Wire, “Change Becomes Us” (Pinkflag). Change has always become Wire. Witness the band’s opening salvo, 1977’s “Pink Flag,” with its 90-second blasts of British art-punk perfection; 1978’s “Chairs Missing,” with its dark, ominous textures; and 1979’s “154,” with its post-punk anthems. After that brilliant trifecta, the band took a hiatus to regroup and reinvent; over the subsequent three-plus decades, Wire constantly shifted its balance of conceptual artistry, visceral punk rock and catchy pop melody. “Change Becomes Us” returns Wire to its early period. Original members Colin Newman, Graham Lewis and Robert Grey, plus newcomer Matthew Simms, took extant song blueprints from 1979-1980, including a few that appeared in much different form on 1981’s chaotic live album, “Document and Eyewitness,” and reimagined them. It’s a Janus-faced project that looks backward to move forward, not so much as an effort to reclaim the past as a gambit to reinvigorate the present. It works. Three stars. (Steve Klinge, Philadelphia Inquirer)


Eric LeLann with Nelson Veras and Gildas Bocle,I Remember Chet” (Bee Jazz). And he does, too. Here is what the French trumpet player Le Lann has to say about it: “I often went to see him play, especially to the Petit Opportun, and one night after the club we were walking in Les Halles and I said to him that three trumpeters really influenced me: it was Miles Davis, Clifford Brown and him, Chet Baker.” Baker’s mix of “vulnerability and strength” was inimitable, but the French trumpet player is a very good amalgam of those three trumpet players indeed, even if his recipe sounds stronger on Baker and Clifford Brown than Davis. It’s a reasonably irresistible drummerless trio with guitarist Nelson Veras and bassist Gildas Cocle. Strong European chamber jazz, if not exactly on the same musical level as Baker’s best. Three stars (J.S.)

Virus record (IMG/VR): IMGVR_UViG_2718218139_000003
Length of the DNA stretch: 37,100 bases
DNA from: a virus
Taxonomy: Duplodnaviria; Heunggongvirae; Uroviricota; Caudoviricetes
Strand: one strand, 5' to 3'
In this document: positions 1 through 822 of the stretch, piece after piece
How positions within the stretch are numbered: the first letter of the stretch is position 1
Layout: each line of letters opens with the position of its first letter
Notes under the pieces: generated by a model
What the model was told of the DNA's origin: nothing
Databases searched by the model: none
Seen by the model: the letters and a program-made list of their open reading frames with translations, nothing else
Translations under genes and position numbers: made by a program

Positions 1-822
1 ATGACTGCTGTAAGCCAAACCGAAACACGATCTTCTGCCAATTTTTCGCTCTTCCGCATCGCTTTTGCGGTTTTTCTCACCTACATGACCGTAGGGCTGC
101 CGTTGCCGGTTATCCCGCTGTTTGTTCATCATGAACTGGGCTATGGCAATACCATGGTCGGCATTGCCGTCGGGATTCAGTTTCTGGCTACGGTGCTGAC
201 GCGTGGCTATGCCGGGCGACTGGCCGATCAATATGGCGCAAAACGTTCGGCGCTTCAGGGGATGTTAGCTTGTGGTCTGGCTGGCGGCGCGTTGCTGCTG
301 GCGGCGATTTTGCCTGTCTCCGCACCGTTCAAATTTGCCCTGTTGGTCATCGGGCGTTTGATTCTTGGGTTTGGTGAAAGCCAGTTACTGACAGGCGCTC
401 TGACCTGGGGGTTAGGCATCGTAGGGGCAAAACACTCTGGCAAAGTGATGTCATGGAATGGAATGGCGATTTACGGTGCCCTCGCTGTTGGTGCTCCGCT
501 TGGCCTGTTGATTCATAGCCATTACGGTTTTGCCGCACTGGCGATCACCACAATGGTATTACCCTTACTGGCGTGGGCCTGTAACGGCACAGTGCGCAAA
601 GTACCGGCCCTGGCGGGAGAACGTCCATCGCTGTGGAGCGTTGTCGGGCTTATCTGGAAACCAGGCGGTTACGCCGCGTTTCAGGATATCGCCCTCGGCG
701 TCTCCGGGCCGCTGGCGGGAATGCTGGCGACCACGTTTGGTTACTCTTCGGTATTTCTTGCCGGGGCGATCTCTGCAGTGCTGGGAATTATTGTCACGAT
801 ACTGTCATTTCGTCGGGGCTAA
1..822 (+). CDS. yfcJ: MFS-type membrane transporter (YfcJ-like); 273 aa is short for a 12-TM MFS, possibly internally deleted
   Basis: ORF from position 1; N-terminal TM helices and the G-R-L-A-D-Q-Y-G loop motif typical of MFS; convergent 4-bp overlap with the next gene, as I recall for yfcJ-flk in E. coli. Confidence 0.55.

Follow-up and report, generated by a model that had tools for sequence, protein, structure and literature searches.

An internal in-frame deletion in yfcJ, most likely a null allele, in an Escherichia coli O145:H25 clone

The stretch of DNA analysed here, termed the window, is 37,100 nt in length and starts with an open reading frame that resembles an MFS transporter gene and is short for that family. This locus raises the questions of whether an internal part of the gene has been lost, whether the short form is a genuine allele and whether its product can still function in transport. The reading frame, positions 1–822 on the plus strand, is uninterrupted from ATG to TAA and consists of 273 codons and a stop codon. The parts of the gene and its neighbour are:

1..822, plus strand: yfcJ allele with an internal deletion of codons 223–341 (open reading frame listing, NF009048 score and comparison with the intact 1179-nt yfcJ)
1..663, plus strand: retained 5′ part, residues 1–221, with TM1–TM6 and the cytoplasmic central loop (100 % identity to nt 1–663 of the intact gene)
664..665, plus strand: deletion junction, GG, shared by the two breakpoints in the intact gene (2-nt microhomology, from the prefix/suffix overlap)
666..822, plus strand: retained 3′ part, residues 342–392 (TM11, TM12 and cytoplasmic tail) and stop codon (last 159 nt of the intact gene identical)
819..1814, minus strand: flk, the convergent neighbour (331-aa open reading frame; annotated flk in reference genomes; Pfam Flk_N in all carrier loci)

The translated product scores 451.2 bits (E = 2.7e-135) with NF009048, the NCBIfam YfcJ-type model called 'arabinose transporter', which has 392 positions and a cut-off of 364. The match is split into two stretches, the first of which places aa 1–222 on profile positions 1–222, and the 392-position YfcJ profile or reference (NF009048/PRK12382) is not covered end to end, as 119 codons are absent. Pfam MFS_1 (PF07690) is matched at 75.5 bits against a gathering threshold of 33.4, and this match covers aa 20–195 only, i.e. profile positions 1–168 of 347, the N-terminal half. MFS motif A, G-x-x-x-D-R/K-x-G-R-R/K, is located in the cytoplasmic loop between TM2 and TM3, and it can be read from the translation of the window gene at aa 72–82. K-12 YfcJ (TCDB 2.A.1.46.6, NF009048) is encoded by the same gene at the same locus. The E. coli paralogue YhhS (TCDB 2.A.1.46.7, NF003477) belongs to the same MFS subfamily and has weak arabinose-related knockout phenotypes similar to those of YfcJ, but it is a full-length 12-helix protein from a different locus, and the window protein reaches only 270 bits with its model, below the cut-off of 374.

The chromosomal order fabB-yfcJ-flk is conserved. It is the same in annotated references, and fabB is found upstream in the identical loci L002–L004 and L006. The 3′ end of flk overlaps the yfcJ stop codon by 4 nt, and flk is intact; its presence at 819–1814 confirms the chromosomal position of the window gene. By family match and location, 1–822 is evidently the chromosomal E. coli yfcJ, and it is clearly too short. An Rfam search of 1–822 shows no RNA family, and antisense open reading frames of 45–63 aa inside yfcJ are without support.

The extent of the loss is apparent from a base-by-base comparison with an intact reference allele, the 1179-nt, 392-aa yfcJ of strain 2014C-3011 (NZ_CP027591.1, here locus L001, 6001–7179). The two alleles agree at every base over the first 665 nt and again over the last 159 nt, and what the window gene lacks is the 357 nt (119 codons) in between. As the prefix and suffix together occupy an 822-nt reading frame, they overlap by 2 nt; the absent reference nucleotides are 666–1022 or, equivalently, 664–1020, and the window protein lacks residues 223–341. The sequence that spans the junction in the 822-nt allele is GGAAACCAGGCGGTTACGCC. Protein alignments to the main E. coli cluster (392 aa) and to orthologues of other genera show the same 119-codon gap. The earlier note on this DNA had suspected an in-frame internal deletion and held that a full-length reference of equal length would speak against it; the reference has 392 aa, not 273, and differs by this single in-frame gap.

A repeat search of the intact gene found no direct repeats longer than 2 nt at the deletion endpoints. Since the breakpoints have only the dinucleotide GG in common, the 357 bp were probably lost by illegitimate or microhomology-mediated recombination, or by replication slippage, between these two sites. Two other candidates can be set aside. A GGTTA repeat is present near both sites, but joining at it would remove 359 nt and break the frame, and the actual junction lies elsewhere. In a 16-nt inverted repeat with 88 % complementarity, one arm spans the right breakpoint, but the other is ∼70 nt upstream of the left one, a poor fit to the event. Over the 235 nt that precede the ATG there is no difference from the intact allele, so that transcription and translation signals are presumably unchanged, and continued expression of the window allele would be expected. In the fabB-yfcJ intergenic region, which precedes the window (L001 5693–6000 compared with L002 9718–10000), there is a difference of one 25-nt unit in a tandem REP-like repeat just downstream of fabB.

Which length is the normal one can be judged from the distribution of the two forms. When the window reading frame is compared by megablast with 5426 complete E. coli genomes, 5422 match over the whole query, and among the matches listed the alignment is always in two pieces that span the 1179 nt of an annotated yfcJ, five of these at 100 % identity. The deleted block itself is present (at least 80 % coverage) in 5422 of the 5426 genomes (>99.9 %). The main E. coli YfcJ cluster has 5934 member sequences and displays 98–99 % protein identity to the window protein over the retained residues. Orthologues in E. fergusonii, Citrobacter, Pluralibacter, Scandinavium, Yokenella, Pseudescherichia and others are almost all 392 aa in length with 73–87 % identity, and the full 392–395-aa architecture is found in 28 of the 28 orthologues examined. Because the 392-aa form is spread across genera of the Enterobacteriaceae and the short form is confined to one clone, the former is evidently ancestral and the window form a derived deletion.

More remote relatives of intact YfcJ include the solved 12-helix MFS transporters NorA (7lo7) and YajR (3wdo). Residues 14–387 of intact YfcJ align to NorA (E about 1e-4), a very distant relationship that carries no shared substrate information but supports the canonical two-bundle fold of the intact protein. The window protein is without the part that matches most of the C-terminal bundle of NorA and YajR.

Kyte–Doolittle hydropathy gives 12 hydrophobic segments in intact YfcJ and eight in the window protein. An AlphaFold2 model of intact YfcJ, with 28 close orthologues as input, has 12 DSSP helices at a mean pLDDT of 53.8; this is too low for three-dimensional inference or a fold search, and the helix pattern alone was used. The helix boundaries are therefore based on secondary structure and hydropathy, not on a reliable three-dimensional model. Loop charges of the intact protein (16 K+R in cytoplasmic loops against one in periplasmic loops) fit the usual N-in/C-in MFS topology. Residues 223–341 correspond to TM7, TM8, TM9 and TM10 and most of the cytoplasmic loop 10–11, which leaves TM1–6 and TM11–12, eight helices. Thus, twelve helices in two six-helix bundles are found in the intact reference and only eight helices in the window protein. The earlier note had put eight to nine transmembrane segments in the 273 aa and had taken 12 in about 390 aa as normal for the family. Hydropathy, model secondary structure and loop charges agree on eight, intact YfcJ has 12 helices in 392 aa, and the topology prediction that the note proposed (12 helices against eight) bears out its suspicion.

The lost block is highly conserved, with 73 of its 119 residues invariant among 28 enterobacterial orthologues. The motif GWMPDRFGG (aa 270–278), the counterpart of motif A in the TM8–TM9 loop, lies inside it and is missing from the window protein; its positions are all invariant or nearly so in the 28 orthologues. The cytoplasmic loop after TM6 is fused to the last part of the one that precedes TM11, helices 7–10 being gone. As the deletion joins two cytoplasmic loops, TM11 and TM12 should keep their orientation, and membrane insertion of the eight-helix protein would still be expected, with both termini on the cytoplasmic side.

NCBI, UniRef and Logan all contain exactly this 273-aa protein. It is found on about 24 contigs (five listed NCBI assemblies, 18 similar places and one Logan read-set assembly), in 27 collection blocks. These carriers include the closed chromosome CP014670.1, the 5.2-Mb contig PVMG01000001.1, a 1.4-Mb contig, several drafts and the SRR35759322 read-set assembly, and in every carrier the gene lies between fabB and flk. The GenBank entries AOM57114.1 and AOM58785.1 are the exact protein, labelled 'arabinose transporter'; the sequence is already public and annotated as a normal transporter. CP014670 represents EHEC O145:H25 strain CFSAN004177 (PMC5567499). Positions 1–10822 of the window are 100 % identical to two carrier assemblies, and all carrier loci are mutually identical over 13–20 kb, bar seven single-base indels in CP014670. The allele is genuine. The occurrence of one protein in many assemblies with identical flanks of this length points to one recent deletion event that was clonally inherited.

Aaron Diehl, “The Bespoke Man’s Narrative” (Mack Avenue). Fear not. The title of this piano/vibraphone quartet disc makes it sound as if it might fall into the dreaded category of jazz orchestra with spoken word. “Bespoke” after all, is a word for custom-made clothing, and “narrative” could easily indicate a verbal tale to be told obliterating most musical interest. Not so. Pianist/composer Diehl leads vibraphonist Warren Wolfe, bassist David Wong and drummer Rodney Green in what they’re calling a tribute to the Modern Jazz Quartet, but this piano/vibe outfit couldn’t sound less like the neo-Baroque artful bluesmanship of the MJQ. Think of it as much more reminiscent of some terrific hard-swinging quartets led by vibraphonist Bobby Hutcherson (including one with Herbie Hancock called “Happenings,” which has the finest extant version, I think, of Hancock’s tune “Maiden Voyage”). As a pianist, Diehl says he nods to Ahmad Jamal, Marcus Roberts and Kenny Kirkland. His own classical allusions – Ravel’s “Tombeau de Couperin” for instance – couldn’t sound less like the punctilious burn of the MJQ’s John Lewis. An interesting player and a good band. Three and a half stars (J.S.)


Lisa Hilton,Getaway” (Ruby Slippers). All you really have to know about pianist Hilton’s 15th and newest disc is that it’s a trio record with bassist Larry Grenadier and drummer Nasheet Waits (son of the late great Freddie). Grenadier and Waits could make your 10-year-old piano student nephew sound good if he only played a chord or two every few bars. Hilton hasn’t needed anyone to refer to her conspicuous blond beauty in more than a decade. She’s a worthy jazz composer as is lavishly proven here. And when she pays tribute to Earl Hines on “Stormy Monday Blues,” she’s nothing if not sincere, if far from idiomatic. On the opposite end of the chronological spectrum, she also pays tribute to Adele on “Turning Tables.” She still proceeds most often by decorating undulant ostinatos with sensitive right-hand filigree which is why Adele’s chord changes do her a world of good. All Hilton piano discs are pretty to one degree or another, and this one is no exception. Three stars (J.S.)